By Samson Echenim
Foremost Apapa Port terminal operator, Vicky Hastrup, has decried the idea of reviving the defunct Nigeria National Shipping Line, or re-establishing a national sea carrier in which the Nigerian government would have a stake.
In a chat with business a.m., the managing director/ CEO, ENL Consortium said she would not support a national shipping line that would have the government having an investment stake, no matter how little, as it would definitely lead to failure of such shipping line.
Since 2017, the Nigerian government has been making attempts at re-establishing a national shipping line, with private investors’ partnership. The Ministry of Transportation which is championing the cause, in 2017 set up a committee to see to the establishment of a national sea carrier. Under the leadership of Hassan Bello, executive secretary of the Nigerian Shippers Council, the committee has reached out to some big players in international shipping without success.
Hastrup, who is the chairman of Seaport Terminal Operators of Nigeria (STOAN) appeared to have let off the fears of private investors in the shipping industry, as she came hard against the idea of government having even the smallest stake in the shipping line.
She said, “I am actually against reviving the national shipping line. I am totally against it and I am not afraid to be put on record about this. The federal government tried to revive the Nigerian Airways and we saw what happened to it; it was a total failure. The federal government once owned the Nigeria National Shipping Line and it was also a total failure. Who is now saying that it will not fail again if it is revived?
“I believe that the government does not have any business in running businesses. It should be done with private sector arrangement. If it is owned by the private sector with help from the government in some critical areas, it will be successful, but the moment it is a government thing it becomes everybody’s thing and nobody takes responsibility for its failure. I am actually against the idea of floating national shipping line to be owned by government.”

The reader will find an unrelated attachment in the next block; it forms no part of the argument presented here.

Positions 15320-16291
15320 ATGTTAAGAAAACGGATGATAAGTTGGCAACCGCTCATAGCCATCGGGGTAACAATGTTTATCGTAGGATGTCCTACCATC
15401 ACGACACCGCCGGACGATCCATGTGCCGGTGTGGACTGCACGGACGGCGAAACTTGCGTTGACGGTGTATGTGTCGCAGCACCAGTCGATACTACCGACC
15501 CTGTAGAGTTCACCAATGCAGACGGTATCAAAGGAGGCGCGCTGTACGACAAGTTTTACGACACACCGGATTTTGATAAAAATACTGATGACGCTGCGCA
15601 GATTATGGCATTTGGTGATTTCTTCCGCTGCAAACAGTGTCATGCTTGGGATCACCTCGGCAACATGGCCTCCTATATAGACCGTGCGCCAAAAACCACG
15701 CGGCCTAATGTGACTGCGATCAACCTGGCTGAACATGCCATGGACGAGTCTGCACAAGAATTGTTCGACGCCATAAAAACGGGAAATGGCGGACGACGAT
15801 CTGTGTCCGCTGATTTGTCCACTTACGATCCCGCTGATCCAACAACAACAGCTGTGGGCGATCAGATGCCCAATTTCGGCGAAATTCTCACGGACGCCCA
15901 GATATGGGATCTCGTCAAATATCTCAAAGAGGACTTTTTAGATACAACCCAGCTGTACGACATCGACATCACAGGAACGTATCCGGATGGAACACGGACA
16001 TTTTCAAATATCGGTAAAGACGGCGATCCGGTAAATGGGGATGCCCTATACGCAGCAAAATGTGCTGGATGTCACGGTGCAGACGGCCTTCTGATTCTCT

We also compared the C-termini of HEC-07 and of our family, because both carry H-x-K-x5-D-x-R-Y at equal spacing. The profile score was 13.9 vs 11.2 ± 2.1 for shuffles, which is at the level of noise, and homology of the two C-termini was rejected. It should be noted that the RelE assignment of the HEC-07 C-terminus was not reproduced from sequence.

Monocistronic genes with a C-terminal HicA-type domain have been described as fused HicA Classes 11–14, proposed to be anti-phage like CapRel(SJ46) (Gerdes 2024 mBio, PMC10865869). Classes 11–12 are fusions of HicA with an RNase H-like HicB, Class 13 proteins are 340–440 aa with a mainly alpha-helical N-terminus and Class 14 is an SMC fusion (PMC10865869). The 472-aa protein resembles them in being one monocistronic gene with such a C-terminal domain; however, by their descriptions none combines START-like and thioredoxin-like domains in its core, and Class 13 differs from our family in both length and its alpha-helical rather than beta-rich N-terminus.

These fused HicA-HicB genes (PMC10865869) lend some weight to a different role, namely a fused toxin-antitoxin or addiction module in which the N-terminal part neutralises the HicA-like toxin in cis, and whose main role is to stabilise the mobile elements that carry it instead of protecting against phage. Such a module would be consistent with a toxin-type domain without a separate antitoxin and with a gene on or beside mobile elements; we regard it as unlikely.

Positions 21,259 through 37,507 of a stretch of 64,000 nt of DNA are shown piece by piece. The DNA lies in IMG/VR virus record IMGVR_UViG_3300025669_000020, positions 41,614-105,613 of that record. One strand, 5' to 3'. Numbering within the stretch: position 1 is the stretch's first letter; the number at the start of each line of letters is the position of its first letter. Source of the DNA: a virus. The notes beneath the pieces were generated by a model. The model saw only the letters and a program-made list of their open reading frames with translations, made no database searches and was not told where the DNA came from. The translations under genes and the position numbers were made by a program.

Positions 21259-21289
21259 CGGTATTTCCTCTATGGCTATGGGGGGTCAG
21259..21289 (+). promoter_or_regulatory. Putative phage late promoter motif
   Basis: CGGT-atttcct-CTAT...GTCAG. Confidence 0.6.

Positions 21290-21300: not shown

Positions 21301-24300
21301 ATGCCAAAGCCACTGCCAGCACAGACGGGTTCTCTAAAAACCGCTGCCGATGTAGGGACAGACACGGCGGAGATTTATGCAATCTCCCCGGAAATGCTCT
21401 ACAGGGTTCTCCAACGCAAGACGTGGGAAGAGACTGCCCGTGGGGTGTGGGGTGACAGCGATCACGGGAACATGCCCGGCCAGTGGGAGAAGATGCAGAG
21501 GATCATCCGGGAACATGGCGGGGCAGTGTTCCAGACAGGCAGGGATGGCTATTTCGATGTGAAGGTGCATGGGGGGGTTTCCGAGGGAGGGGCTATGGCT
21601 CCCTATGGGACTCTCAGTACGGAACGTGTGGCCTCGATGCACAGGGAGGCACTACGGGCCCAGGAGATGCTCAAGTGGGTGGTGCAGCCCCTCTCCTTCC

She recalled the case of Virgin Nigeria, in which despite being done with an astute British airliner, Richard Branson, the airline could not see its fifth anniversary.
“Even if the government does not own the larger stake, as long as government owns some stake, I don’t believe it will succeed. A typical example is the arrangement the government had with Virgin Atlantic; it failed. We had Virgin Nigeria, our national carrier being run by a good hand, but it failed. People want to bring money to the table but will not want their hands to be tied. They want their business to be run the way they understand the business can succeed. With all the bureaucracies of government, even if the federal government owns only 20 percent, the involvement of the government can tie down other investors from doing what they believe will make the business to succeed,” she maintained.
On whether she would consider venturing into cabotage trading someday, Hastrup hinted that no investor in the maritime sector is limited to the business they are currently into, saying that every business desires expansion.
“If I want to go into cabotage shipping and I want to acquire vessels, so be it. If any terminal operator has such vision, he can go into it. There is no policy that says a terminal operator must own vessels, but everybody is allowed to expand his business,” she said.